Schools have always been places where information is consumed and created. For most of the history of schools, that information was created as physical artifacts (works written on paper, images drawn on paper, songs recorded on tapes, and similar creations). Once physical or analog media is created, it must be copied on to bits of matter (paper and ink, vinyl, or plastic) and those physical things (books, tapes, compact discs) are protected from the elements and physically moved to disseminate the information. Obtaining a new science textbook (for example) requires one be written, copies be printed, and the copies be shipped to the students to carry and read. While making notes in the margins may be helpful to one reader, it is usually considered vandalism and may result in a student receiving a bill for destroying a resource that must be replaced. The arrival of computers in school was accompanied by the arrival of digital information; since then, teachers and students have created, copied, stored, and transported information in fundamentally different ways than did previous generations.
Digital electronic information is created as physical actions (such as keystrokes or speech with gestures) are converted into electronic signals. These are stored temporarily in the random access memory (RAM) of a computer, and then stored more permanently as signals on read only memory (ROM) disks or in flash memory. When stored in RAM, information is very easy to manipulate and transport. A few keystrokes or mouse clicks can change the contents of a file or make a perfect copy of the information, and a few more can send those changes anywhere on the globe through the telecommunications network. In schools and beyond, vast amounts of information stored in public spaces, so infinite information is now available to teachers and students.
A few generations ago, the information available to a classroom full of students might include one copy of a textbook for each student, library of (perhaps) 50 volumes of references books the teacher had collected for his or her classroom, a school library with a several thousand books, subscriptions to a few score periodicals, and comparable collections of videos and references books. Today, students and teachers have access to all of the resource previously available, as well as online references, full text databases that index thousands of periodicals, infinite online video, and the web resources maintained by credible government, media, and professional organizations, as well as academics and other credible individuals. All of these sources place vastly greater amounts of information into the curriculum than was possible with physical information.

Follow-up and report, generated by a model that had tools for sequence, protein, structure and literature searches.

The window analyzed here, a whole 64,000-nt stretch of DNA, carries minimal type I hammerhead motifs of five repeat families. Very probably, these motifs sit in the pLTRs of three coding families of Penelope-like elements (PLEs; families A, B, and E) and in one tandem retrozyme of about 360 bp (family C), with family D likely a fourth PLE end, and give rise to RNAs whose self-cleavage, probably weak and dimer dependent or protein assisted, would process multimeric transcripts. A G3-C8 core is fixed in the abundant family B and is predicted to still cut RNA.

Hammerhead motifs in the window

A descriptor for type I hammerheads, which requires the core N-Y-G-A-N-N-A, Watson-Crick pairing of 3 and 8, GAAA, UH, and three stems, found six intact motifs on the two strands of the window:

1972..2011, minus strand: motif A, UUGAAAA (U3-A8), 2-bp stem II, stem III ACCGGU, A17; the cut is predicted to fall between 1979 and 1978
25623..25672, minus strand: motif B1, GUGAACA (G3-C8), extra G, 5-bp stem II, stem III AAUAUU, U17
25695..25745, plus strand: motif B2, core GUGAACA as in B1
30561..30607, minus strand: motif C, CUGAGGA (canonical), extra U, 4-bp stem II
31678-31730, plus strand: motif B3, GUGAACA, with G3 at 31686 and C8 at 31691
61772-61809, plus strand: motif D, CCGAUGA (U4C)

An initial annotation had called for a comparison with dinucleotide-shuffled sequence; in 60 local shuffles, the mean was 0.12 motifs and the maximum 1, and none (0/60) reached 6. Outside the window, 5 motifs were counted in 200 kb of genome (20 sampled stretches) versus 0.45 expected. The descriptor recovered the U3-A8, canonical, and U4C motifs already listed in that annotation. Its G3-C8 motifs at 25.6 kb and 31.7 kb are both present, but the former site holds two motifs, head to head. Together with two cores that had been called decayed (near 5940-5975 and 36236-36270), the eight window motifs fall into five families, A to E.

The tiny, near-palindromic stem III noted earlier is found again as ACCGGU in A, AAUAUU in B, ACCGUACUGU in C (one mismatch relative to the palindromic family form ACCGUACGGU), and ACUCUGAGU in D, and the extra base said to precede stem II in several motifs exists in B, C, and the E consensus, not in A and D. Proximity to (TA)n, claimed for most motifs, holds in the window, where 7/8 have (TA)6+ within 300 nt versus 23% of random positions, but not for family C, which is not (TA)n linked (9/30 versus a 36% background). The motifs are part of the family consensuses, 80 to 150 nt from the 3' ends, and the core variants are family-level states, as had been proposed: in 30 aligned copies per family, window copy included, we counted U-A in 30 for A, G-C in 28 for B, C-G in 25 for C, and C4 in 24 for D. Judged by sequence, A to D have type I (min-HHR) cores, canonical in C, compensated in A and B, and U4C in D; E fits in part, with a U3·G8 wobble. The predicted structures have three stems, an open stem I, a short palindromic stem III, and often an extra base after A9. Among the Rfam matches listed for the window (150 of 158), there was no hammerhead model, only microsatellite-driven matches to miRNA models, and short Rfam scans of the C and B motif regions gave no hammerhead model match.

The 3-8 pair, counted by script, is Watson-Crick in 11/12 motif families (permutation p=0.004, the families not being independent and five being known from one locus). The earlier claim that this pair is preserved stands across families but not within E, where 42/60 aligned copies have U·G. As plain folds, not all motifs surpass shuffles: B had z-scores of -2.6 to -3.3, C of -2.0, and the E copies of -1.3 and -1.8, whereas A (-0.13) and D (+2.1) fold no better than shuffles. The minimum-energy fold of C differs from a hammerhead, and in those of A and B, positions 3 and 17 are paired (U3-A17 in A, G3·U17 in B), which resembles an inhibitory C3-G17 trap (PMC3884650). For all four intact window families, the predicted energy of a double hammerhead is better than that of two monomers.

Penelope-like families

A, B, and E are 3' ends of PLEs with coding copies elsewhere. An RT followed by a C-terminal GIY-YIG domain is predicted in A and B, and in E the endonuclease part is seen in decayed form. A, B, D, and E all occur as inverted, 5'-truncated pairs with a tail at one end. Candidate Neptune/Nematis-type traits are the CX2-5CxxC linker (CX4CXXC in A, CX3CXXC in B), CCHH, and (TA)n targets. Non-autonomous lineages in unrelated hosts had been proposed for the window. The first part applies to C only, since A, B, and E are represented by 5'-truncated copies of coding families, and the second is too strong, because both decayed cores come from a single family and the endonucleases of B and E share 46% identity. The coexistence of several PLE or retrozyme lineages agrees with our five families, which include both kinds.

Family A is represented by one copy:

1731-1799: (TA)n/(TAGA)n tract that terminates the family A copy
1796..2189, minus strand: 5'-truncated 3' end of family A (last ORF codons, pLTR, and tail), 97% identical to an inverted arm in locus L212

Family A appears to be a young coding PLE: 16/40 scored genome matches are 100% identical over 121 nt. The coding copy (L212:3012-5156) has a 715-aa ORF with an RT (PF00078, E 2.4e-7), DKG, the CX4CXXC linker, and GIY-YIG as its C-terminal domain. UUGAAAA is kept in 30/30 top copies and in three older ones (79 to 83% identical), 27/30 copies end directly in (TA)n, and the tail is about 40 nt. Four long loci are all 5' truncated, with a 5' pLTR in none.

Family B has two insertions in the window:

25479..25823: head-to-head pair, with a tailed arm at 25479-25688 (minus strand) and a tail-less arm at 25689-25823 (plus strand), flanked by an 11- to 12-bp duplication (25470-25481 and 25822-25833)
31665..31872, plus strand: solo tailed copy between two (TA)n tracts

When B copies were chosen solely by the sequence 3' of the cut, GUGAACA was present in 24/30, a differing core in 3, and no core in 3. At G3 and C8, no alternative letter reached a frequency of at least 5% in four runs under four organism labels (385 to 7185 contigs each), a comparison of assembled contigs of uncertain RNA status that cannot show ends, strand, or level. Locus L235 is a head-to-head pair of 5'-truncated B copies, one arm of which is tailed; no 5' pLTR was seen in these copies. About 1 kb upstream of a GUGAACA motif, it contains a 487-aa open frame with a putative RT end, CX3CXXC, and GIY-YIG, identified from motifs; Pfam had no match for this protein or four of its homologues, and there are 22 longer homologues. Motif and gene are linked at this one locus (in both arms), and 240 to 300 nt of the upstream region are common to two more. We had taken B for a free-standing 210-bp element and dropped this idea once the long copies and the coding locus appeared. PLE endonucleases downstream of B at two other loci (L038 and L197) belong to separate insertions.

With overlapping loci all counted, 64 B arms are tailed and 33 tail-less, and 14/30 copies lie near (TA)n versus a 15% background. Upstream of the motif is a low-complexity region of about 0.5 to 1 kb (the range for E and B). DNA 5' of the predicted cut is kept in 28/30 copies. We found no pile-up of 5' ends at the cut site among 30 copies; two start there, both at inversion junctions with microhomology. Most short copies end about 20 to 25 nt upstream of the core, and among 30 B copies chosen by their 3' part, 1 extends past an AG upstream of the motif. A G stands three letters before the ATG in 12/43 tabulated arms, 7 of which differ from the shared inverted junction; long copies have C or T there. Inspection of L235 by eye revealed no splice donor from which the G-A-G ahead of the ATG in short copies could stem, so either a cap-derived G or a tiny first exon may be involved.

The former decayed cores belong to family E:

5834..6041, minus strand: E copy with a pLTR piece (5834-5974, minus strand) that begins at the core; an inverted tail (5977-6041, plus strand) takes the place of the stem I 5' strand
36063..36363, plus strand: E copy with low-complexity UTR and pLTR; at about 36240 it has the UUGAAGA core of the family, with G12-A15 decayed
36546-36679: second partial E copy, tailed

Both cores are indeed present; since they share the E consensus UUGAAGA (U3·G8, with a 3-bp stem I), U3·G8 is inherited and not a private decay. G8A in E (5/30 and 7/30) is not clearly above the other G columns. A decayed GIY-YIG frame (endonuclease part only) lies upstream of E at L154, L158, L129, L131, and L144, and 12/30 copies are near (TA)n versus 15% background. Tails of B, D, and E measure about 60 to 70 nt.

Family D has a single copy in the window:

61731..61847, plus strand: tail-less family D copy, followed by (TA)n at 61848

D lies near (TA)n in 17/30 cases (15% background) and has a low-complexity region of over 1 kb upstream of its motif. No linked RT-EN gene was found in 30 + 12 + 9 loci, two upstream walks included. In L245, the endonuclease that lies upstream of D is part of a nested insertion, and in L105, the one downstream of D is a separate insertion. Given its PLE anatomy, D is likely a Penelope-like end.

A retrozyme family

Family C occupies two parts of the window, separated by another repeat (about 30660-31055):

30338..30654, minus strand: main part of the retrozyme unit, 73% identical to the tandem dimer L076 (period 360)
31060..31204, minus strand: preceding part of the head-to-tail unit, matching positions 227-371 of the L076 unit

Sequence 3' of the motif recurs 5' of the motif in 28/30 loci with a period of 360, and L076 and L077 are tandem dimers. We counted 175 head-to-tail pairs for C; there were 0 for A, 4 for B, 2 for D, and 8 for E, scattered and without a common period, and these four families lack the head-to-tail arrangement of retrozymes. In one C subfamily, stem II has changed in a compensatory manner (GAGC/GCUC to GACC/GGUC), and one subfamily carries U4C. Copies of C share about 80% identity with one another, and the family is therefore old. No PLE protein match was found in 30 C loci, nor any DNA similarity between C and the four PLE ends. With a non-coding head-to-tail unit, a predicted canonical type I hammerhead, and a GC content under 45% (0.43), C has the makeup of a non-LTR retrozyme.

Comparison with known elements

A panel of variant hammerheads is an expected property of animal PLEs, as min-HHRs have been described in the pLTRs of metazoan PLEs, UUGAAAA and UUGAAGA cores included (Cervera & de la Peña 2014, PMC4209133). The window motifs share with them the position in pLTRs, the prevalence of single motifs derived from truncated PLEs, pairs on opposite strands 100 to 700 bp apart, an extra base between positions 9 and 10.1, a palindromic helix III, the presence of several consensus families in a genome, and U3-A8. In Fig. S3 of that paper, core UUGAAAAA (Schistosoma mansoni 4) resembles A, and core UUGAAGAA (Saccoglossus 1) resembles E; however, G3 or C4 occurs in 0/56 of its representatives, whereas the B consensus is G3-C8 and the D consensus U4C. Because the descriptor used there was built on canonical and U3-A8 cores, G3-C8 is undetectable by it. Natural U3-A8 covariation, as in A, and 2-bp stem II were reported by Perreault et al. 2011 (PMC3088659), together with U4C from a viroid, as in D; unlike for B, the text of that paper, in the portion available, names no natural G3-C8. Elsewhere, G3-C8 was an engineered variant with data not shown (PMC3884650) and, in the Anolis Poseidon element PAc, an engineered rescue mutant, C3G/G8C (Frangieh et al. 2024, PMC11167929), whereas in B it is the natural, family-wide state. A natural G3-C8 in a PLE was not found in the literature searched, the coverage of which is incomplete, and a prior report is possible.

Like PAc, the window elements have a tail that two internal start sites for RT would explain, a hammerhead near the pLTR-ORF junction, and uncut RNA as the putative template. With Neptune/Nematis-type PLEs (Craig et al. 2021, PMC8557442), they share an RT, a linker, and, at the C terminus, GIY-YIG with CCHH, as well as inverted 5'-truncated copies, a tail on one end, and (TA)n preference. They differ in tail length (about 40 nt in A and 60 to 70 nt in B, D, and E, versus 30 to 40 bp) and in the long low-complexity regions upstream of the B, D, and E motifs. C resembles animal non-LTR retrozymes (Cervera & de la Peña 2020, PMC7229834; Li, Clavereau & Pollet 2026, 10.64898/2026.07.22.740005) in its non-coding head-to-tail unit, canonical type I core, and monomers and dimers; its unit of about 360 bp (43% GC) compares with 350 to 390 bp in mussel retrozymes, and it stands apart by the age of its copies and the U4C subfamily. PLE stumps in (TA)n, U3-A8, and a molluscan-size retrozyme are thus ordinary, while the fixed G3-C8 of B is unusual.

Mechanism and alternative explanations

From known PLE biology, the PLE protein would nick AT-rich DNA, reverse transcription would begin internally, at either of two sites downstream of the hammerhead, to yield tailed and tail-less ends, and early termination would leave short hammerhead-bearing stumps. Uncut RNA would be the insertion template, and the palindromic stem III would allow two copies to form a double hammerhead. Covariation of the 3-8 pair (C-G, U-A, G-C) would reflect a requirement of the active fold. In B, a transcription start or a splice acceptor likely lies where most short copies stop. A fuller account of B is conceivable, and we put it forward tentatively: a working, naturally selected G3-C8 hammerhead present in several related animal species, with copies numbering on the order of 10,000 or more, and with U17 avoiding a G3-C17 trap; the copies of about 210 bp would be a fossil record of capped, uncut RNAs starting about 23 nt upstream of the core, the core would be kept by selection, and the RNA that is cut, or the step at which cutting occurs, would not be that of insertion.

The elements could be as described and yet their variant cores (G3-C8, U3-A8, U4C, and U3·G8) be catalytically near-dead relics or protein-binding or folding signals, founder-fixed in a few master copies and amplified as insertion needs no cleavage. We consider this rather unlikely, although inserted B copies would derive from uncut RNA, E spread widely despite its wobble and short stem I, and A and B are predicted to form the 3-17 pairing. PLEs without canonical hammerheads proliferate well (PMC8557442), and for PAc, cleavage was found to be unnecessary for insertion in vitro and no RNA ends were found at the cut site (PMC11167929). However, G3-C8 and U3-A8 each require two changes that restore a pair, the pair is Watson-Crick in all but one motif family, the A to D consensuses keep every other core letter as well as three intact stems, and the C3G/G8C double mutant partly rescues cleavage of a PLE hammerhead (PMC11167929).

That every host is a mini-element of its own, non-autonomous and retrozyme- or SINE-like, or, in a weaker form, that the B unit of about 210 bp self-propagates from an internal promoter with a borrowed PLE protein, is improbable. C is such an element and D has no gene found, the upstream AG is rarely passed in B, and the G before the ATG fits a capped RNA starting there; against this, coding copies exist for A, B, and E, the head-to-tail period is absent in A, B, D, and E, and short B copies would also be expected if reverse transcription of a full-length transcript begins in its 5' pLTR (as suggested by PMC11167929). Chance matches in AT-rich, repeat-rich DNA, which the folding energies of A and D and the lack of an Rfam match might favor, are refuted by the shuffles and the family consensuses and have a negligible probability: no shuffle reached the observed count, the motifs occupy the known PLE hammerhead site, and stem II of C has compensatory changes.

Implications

In addition to infinite amounts of information, networked computers provide teachers and students with tools to easily and quickly search information. Given the vast information, effective methods of searching are necessary. Very rapid comparison of the contents of files to search terms permits efficient indexing, so relevant text can be identified in digital documents. Users can add tags to information sources so they participate in identifying relevant aspects of documents and make those searchable. In addition, researchers are developing search tools that can accurately interpret ambiguous search terms composed by users. All of these tools are necessary for navigate and identify useful information in in the digital landscape.